“The Girl on the Train” by Paula Hawkins (2015)
Touted as “the new Gone Girl” when it came out, Paula Hawkins’ “The Girl on the Train” goes one better by having not just two, but three unreliable and unlikable narrators — all of them female. There’s Rachel (played by Emily Blunt in the film), a problem drinker who makes an unhealthy hobby out of watching people from her train window. There’s Megan (Haley Bennett), who goes missing the night Rachel visits her neighborhood. And there’s Anna (Rebecca Ferguson), Rachel’s ex-husband’s wife, for whom Megan used to babysit. It doesn’t quite manage to come near the height of devious delights effortlessly reached by “Gone Girl,” but “The Girl on the Train” does make for reading that’s far from stop-and-go.
“The Girls” by Emma Cline (2016)
Even before it got picked up for publication, “The Girls” had already attracted the attention of Scott Rudin, the producer of David Fincher’s “The Girl with the Dragon Tattoo,” who optioned the screen rights for Emma Cline’s debut novel. Perhaps it’s the book’s basis in fact, specifically the case of the charismatic cult leader Charles Manson, whose followers committed a series of widely publicized murders in 1969. Perhaps it’s the book’s dealing with such of-the-moment issues as patriarchy and feminism. Perhaps it’s the book’s narrative voice, that of a middle-aged woman recounting her coming of age in the dicey company of feral females from a commune of dubious civility. Whatever made it an easy sell for publisher and producer alike, one thing is for sure: “The Girls” favors style over substance. Indeed its prose is so luminous that it has the tendency to shed blinding amounts of light on the significance of otherwise mundane matters and events. But in spite — or maybe because — of that, “The Girls” has earned rapturous blurbs from the Pulitzer-winning novelists Richard Ford and Jennifer Egan and from Lena Dunham, best known for creating and starring in that HBO show with the all too familiar title, “Girls.”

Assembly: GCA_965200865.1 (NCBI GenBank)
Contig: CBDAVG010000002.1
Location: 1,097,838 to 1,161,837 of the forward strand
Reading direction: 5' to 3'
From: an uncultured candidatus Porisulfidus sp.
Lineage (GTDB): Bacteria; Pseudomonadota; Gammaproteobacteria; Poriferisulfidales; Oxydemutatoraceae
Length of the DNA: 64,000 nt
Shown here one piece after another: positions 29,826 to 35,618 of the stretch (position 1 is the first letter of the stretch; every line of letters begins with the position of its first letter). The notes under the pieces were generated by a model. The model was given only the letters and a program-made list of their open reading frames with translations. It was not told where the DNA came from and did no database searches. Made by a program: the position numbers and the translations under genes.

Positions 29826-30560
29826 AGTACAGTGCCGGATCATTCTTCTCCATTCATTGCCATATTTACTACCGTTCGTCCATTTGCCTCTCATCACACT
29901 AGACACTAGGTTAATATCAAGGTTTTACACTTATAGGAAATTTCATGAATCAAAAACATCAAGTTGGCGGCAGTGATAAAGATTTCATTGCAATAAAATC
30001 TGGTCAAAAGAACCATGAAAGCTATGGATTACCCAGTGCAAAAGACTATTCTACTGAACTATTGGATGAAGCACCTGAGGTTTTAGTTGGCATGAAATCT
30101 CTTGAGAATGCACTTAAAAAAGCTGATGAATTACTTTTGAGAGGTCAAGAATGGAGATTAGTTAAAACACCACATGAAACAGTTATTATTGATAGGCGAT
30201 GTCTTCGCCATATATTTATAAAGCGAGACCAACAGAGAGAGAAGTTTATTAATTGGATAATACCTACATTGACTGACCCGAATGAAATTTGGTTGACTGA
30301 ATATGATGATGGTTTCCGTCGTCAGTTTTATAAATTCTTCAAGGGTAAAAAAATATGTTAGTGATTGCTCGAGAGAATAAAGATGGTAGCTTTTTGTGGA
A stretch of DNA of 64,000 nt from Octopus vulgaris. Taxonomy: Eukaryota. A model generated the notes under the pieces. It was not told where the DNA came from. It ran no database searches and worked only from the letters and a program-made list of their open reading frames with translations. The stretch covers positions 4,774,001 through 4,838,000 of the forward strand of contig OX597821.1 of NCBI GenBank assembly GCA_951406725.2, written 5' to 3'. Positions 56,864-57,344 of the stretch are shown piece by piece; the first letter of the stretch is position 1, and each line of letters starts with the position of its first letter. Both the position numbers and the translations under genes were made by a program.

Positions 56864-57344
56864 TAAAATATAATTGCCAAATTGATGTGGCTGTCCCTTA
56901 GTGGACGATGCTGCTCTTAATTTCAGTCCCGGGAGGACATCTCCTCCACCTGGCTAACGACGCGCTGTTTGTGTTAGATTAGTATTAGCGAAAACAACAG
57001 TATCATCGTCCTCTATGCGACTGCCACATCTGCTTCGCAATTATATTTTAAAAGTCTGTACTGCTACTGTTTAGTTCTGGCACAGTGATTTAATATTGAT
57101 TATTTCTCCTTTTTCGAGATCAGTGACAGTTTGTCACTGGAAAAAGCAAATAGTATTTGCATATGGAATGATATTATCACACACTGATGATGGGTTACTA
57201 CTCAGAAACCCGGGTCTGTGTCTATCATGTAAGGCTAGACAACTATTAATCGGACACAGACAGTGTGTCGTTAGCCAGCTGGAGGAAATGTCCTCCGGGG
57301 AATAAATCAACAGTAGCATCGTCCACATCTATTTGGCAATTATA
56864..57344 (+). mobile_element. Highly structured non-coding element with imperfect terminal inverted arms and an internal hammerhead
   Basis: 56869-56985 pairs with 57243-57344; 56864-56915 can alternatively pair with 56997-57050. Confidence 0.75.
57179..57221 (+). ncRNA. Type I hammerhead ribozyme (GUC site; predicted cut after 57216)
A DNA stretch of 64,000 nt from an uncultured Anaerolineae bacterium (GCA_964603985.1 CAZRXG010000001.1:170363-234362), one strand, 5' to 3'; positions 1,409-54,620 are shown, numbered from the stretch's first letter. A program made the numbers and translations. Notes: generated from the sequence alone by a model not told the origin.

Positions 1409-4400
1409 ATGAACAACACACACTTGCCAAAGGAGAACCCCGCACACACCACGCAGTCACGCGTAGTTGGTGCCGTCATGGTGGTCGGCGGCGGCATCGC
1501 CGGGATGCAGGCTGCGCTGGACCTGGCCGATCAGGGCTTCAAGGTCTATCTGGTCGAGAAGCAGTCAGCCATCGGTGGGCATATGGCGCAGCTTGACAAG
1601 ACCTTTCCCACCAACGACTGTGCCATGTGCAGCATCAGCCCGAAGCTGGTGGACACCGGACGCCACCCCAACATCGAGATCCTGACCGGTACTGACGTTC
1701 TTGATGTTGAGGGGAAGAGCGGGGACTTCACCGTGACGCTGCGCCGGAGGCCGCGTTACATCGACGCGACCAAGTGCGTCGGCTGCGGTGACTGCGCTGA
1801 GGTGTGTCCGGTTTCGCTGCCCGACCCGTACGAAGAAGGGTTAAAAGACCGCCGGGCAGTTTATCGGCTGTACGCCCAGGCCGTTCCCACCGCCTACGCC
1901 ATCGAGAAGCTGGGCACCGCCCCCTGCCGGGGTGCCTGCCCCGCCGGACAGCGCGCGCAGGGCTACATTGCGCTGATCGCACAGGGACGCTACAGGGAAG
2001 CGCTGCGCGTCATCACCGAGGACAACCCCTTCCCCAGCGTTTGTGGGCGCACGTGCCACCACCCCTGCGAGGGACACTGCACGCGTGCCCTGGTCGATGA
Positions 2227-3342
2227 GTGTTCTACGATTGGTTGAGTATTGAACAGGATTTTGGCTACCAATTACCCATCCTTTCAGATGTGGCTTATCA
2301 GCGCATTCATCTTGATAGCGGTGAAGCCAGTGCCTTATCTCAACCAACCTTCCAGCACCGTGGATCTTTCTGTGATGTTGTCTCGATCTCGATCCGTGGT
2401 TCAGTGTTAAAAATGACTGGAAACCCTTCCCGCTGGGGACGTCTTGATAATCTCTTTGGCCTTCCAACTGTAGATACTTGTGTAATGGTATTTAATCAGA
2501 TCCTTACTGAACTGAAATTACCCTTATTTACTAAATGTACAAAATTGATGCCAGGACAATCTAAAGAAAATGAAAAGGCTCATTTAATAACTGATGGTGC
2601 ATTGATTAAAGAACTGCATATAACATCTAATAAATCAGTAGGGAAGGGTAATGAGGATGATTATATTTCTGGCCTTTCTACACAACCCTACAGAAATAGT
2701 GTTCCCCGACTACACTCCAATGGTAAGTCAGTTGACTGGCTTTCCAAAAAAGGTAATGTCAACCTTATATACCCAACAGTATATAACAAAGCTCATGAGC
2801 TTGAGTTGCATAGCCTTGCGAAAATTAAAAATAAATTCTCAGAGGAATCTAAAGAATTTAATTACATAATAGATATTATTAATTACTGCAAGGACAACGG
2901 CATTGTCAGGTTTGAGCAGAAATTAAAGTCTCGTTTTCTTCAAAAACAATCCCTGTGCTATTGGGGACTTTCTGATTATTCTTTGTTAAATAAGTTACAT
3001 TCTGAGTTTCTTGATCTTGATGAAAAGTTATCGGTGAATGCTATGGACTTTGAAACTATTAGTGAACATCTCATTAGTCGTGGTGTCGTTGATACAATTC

All featured books are available in National Book Store and Powerbooks.